5 must-board sightseeing boats on Japan's remote islands
To this day, boats are a major means of transportation on Japan's remote islands. Many of these isles are steeped in maritime history, therefore it should come as no surprise to learn that sightseeing boats have become top tourist attractions. Let us introduce some of the most unmissable tours and cruises, where you'll be able to experience breathtaking views inaccessible by land, or unique local customs and traditions.
There is plenty of excitement to be had out at sea near Japan's remote islands. You'll encounter coral reefs, tropical fish, and other exotic sea creatures, along with plenty of opportunities for diving and snorkeling. If you still want to sample life under the waves but don't want to get wet, glass-bottomed sightseeing boat tours are your best bet. No special equipment or preparation is required here, just hop on and enjoy the underwater scenery. Definitely fun for all the family.
Glass-bottomed boat ride, Kabira Marine Service
At Kabira Marine Service on Ishigakijima, Okinawa Prefecture, you can relish the fascinating underwater world surrounding the island by jumping on board one of their glass-bottomed tour boats. On average, the temperature of the water around the island is 24 °C, meaning in this seascape you'll find colorful tropical fish swimming all throughout the year. These boat tours operate all year round.
Semi-submersible undersea boat tour, Amanbow
The volcanic Oki Islands sit 50 km north of Shimane Prefecture. On Nakanoshima you can board the very first semi-submersible sightseeing boat to operate in the Sea of Japan. This craft enables you to view the lush seaweed and schools of fish that call this part of the ocean home. Tours operate from April to October, with night cruises to see the bioluminescent sea sparkles dubbed the 'Milky Way of the Sea' also popular.
Mangroves thrive in Japan's tropical and subtropical regions, where freshwater and seawater mixes together. These forests serve as the ideal habitat for the numerous birds, mammals, fish, and crabs that live in amongst the mangroves. Various mangrove forest boat tours can be taken throughout Okinawa and Kagoshima prefectures.
Nakamagawa River mangrove cruise
Iriotejima is one of the most famous remote islands in Okinawa. Accessed by sea from Ishigakijima, it has one of the largest mangrove forests in Japan, which has been recognized as a national natural monument. Boat tours around the mangrove forests can be enjoyed throughout the year, allowing you to see rare plants like the looking-glass mangrove, with its unusual plate-shaped roots.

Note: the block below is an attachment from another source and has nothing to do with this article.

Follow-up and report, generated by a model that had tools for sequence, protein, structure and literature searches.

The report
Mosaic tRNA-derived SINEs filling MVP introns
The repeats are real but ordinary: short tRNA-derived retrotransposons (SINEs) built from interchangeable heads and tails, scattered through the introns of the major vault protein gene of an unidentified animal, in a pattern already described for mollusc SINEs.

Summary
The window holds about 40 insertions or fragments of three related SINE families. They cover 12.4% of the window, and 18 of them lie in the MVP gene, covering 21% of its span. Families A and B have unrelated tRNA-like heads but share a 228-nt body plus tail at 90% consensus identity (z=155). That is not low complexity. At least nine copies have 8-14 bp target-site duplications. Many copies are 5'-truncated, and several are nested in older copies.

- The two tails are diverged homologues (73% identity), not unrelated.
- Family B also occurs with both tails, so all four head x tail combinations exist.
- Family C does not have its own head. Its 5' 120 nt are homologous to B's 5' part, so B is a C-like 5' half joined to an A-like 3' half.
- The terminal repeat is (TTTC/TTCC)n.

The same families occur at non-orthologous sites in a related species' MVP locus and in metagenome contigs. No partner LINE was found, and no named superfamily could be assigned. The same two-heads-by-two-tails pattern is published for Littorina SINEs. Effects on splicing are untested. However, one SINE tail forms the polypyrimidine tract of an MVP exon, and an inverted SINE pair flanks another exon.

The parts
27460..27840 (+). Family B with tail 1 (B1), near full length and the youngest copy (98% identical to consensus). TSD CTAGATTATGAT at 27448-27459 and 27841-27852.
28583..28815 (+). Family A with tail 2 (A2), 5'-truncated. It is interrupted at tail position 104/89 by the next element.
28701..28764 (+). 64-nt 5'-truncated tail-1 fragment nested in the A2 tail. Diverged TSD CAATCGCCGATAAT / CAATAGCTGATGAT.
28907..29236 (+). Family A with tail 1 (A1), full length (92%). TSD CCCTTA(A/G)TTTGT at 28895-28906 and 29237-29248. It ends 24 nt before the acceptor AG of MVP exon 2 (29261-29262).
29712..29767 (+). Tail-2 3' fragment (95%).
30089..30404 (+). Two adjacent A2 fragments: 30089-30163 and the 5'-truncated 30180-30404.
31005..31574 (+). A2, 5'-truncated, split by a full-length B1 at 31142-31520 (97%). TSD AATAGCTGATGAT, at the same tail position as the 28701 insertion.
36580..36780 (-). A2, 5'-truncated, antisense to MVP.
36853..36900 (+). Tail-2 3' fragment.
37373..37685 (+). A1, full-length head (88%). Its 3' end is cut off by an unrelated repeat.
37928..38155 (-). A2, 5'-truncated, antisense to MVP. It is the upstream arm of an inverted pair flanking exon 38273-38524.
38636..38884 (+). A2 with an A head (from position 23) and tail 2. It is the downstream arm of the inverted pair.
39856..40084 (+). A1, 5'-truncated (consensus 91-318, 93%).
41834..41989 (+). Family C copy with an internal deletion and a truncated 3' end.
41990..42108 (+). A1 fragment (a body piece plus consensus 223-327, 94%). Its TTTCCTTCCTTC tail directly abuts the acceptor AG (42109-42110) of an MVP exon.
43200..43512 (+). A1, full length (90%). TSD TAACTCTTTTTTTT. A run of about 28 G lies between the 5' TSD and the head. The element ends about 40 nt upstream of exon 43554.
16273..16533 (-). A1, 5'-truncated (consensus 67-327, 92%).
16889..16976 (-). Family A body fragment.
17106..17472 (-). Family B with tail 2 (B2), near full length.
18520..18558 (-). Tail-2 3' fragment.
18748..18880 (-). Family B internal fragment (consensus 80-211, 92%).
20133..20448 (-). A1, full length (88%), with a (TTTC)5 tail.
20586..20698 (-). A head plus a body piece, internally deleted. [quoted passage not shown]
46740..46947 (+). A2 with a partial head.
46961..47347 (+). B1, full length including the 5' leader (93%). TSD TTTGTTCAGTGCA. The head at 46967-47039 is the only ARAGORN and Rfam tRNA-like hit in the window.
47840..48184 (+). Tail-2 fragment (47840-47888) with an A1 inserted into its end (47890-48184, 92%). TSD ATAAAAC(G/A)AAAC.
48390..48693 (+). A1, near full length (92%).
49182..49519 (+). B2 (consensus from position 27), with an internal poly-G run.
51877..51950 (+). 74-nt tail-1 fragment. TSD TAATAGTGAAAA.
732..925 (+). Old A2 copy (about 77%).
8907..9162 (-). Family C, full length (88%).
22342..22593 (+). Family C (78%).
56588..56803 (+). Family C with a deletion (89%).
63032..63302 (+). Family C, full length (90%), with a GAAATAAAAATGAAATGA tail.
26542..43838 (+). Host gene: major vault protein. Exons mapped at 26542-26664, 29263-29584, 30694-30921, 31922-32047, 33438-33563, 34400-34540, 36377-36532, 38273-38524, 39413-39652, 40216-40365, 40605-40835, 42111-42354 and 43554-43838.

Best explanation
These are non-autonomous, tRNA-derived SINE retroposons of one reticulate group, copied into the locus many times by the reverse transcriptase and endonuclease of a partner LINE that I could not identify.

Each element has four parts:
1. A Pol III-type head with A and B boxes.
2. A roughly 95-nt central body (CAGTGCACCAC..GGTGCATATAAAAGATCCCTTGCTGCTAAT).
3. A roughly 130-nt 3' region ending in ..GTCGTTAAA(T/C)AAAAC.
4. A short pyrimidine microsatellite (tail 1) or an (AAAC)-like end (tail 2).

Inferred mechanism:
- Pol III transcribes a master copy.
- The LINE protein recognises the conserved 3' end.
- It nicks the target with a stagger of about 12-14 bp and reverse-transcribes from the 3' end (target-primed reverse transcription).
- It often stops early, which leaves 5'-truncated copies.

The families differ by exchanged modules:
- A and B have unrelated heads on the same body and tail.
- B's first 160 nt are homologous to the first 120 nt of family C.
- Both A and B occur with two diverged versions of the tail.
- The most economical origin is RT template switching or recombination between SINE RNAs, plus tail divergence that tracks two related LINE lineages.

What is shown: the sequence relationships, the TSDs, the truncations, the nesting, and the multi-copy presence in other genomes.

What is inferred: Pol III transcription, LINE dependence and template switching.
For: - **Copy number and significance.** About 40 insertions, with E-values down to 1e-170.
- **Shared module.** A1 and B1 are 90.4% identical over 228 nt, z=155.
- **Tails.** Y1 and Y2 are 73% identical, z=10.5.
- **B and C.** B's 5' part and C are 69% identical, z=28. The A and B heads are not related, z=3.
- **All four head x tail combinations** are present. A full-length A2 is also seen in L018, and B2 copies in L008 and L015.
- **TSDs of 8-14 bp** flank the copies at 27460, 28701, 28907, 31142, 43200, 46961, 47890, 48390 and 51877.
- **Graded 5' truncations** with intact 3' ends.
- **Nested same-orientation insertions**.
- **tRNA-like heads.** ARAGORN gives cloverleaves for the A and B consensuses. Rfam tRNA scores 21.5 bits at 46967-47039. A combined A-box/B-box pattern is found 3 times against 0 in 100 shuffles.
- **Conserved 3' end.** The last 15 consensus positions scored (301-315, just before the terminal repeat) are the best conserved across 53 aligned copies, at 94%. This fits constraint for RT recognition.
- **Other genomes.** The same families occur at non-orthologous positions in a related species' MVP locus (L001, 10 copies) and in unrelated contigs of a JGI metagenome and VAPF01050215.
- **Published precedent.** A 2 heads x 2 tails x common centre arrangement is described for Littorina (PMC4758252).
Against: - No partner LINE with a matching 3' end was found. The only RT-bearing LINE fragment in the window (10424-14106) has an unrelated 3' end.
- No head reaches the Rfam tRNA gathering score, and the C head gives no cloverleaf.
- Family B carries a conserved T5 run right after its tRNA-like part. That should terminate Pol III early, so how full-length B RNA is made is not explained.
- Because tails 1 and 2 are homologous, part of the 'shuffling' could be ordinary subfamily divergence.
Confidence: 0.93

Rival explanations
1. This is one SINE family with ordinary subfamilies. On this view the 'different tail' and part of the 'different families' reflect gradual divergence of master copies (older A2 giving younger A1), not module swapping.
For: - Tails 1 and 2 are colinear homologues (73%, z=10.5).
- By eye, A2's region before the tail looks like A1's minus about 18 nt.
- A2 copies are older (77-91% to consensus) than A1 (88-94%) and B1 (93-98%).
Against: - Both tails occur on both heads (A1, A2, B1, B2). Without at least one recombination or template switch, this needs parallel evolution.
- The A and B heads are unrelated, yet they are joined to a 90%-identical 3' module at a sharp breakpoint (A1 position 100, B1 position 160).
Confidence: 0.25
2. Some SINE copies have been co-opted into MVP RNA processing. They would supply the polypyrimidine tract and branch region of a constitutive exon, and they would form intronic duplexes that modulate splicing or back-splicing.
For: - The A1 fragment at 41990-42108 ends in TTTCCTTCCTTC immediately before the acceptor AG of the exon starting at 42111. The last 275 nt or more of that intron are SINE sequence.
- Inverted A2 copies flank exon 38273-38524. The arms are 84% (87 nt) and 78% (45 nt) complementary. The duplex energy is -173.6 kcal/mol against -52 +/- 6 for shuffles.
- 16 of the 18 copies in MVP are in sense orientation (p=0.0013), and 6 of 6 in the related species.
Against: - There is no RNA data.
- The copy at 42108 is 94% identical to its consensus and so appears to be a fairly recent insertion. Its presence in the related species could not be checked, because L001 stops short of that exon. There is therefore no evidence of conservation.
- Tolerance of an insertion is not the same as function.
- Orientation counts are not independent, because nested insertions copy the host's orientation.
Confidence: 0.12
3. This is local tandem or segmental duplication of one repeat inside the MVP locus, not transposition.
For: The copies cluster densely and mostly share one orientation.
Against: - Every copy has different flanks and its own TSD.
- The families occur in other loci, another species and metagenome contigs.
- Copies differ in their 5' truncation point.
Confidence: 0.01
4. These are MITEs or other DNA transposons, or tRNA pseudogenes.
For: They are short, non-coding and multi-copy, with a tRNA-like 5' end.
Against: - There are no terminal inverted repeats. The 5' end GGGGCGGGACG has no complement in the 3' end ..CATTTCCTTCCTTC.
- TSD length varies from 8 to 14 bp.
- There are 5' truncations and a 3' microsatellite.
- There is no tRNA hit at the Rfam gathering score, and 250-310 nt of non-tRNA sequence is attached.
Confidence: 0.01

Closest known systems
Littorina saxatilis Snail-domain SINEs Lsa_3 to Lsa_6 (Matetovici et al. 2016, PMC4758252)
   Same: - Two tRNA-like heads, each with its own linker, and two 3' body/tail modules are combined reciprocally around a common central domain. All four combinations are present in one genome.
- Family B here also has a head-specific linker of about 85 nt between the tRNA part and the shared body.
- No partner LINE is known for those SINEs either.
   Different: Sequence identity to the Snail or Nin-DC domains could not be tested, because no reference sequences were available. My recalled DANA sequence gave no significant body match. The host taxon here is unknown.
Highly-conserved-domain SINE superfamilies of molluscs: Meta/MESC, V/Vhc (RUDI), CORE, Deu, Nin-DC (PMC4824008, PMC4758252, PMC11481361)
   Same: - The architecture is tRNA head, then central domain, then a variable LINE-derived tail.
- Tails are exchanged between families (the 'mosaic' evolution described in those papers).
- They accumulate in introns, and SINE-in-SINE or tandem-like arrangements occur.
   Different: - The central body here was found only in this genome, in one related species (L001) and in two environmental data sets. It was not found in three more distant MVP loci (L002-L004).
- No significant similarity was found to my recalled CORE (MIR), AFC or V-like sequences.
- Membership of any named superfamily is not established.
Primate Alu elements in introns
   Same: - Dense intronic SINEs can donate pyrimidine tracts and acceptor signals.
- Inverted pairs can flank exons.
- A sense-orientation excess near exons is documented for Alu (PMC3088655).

Many of Japan's remote islands were formed by volcanic activity and crustal deformation, which has led to many of these isles developing unique dynamic scenery not easily seen on the mainland. Each year many visitors flock to the islands to get a glimpse of these unusual views, and while you can take in the terrain on foot by walking around the islands, the most spectacular scenes are often best observed from the water on one of the frequently available sightseeing cruises.
Kuniga Coast sightseeing cruise, Oki Tourism Co. Ltd.
Almost all of Shimane Prefecture's Oki Islands have been designated as national parks as a result of their rich natural environments. Nishinoshima, one of the most popular islands for tourists, is home to a scenic 13 km long cliff face, known as the Kuniga Coast. Sightseeing cruises along the cliffs are a real hit with travelers, departing regularly from the island's port.
Sightseeing cruises with scenic photo opportunities
Japan contains many strangely shaped rocks that the Japanese call 'kigan.' Formed by the awesome power of nature, many of them are to be found on the mainland, however, there are some out at sea that can only be accessed by boat.
Candle Island pleasure boat cruise
The Oki Islands are overflowing with beautiful scenic spots, and are renowned for this throughout Japan. One of the most famous photo opportunities out here today is an oddly-shaped rock called Candle Island. As the name implies, it resembles a huge candle, about 20 meters tall. This romantic scenery can only be viewed by boat, the candle lighting up as the sun sets on the tip of the rock. The pleasure boat cruises operate from April to October with departure times varying from season to season based on sunset times.
Traditional boat journeys
Japan's remote islands have different climates and ecosystems, which has led to the emergence of region specific lifestyles and cultures. Some islands have even seen the development of distinctive boats that can't be witnessed anywhere else in Japan. These vessels have long been connected to the lives of the locals and allow you to fully immerse yourself into each island's way of life.
Tarai-bune, Rikiya Kanko Kisen
Sado Island is in the western part of Niigata Prefecture. It is the largest island in the Sea of Japan, with a long history of gold mining, which prospered in the Edo period. Various traditional cultures still exist here, including traditional dances such as Sado Okesa and Nohgaku, and Tarai-bune, small tub-shaped boats that were once used for fishing. Nowadays the boats are mainly used as a tourist attraction. You'll be taken on a short ride around a small bay, with the tubs being delicately maneuvered by a traditional boatwoman.